Foreword to Advanced Clinical Naturopathic Medicine

Advanced Clinical Naturopathic Medicine showcases the depth and breadth of contemporary naturopathic practice. It is aimed at a different audience from Leah Hechtman’s previous work, Clinical Naturopathic Medicine, which has been so widely adopted as an undergraduate text. As the second major contribution by Hechtman and her contributors to the field of naturopathy, it provides a significant contemporary resource for both naturopathic practitioners and advanced students.

Whilst the World Naturopathic Federation estimates that naturopathy is practiced in more than 80 countries (see Chapter 1) this book largely reflects Australian naturopathic practice and most chapters are authored by Australian naturopaths. As such, a very brief history of naturopathy in Australia is relevant. The first naturopaths began practice here in the early years of the 20th century, but in the years that followed the number of practitioners remained small and they were largely disconnected from the provision of mainstream healthcare.

The first indications of broader acceptance occurred in the 1960s and 1970s. The growing popularity of alternative medicine at this time worried successive Australian governments. Their response was to undertake a series of inquiries at both a state and federal level. These inquiries initially concluded that natural therapies were dangerous, and later dismissed them as poorly patronised and irrelevant (1-3). However, by the mid-1980s, patient demand was such that alternative medicine was impossible to ignore. A 1986 report for the Victorian State Government concluded that ‘the reality for many Victorians is that alternative therapists are a primary source of health care’ (4).

I began teaching herbal medicine in the mid-1980s when this burgeoning public interest was reflected in increasing student numbers.  At this time, teaching resources were undeveloped, with very few textbooks relevant to the curriculum and no fulltime academic staff. Practitioners took time out of clinics to pass on clinical knowledge and skills. Their (often implicit) understandings of the naturopathic perspective were delivered in classes that were often held in the evenings and on weekends. Students were inspired by stories of the changes observed in patients but at the same time understood that they were facing an insecure future in a marginalised, largely unrecognised profession.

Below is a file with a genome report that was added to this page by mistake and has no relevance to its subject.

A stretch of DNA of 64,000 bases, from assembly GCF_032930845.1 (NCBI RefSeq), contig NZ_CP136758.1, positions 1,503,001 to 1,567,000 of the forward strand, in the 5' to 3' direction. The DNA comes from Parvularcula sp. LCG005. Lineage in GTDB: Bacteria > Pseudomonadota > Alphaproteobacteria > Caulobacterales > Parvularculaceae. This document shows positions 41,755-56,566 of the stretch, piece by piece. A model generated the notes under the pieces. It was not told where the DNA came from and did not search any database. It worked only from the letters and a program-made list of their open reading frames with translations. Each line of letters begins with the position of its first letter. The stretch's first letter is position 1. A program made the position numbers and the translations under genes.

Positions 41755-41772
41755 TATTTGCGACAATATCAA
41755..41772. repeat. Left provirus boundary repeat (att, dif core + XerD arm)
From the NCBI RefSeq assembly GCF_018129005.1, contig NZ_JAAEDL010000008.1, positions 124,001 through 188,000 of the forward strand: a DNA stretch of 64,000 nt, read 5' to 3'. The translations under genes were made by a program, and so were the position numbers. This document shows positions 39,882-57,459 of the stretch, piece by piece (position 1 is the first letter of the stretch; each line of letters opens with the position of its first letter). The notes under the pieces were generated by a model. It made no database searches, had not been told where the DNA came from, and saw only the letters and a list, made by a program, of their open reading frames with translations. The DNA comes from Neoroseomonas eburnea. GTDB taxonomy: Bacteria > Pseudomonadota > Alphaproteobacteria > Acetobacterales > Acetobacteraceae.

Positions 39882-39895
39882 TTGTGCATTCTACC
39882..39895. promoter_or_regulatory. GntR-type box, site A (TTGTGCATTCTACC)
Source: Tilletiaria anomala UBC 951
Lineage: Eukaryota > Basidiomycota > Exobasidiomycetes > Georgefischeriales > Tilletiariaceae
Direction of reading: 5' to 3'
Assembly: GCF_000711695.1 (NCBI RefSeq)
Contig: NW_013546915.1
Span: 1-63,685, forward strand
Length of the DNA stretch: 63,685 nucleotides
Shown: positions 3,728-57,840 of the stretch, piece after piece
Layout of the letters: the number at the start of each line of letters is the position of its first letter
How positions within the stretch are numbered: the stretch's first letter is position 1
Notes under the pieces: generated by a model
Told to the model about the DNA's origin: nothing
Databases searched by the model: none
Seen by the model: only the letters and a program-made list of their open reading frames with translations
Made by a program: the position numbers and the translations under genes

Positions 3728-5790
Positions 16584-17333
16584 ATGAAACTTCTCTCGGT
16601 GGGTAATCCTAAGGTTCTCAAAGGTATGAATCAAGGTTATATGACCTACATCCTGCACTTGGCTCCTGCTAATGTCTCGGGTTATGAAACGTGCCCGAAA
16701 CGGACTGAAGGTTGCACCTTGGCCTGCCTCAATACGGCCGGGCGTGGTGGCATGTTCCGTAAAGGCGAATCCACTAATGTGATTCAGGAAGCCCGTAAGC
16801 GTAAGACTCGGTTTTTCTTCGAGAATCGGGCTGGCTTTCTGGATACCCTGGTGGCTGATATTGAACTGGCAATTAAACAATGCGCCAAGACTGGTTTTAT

As the popularity of naturopathy continued, changes to education were profound and both enabled and reflected an increasing integration between naturopathic practice and mainstream healthcare. In order to communicate clearly with students, patients and healthcare professionals, both the practice and the understanding of naturopathy needed to be revised in order to clearly articulate what naturopathy means and to describe its contribution to current health concerns. The re-interpretation of these traditional principles in relation to contemporary health issues and testing the principles themselves for their continued relevance is one of the biggest challenges for the profession, as it goes to the heart of understanding and maintaining the unique contribution of naturopathy to healthcare.

What is the relevance today of philosophical principles which have been fundamental to the discipline since its inception? Principles such as utilising the healing power of nature; understanding that the primary role of the practitioner is that of teacher, and viewing the individual holistically, (body, mind, spirit in the social and physical environment) can seem less relevant in an age of evidence-based medicine. How should diseases and disorders which were unidentified a century ago, such as endometriosis and autism be viewed through a naturopathic lens? How are the fundamental principles which guide the profession, such as supporting the vital force, interpreted in these conditions? Further, how do we maintain our philosophy and tradition in a broader societal context when contemporary scientific understandings do not support their use?

The consolidation, codification and continual updating of naturopathic practice requires the sustained engagement of many practitioners. This is the work documented in Advanced Clinical Naturopathic Medicine.

Each chapter documents an aspect of current practice, whether that be related to a time of life (eg paediatrics, geriatrics) issues that may not be discussed in detail elsewhere in naturopathic literature (eg Down syndrome, Lyme disease), or recent approaches and insights that have influenced naturopathic perspectives (eg methylation, the ‘omics revolution’). Each provides a comprehensive background to the condition or issue, backed up by meticulous research. The liberal use of case studies demonstrates how advice on diet, nutritional supplements, herbs and lifestyle can be translated into therapeutic interventions for individual patients. An assessment of popular tests, both conventional and unconventional, is often included.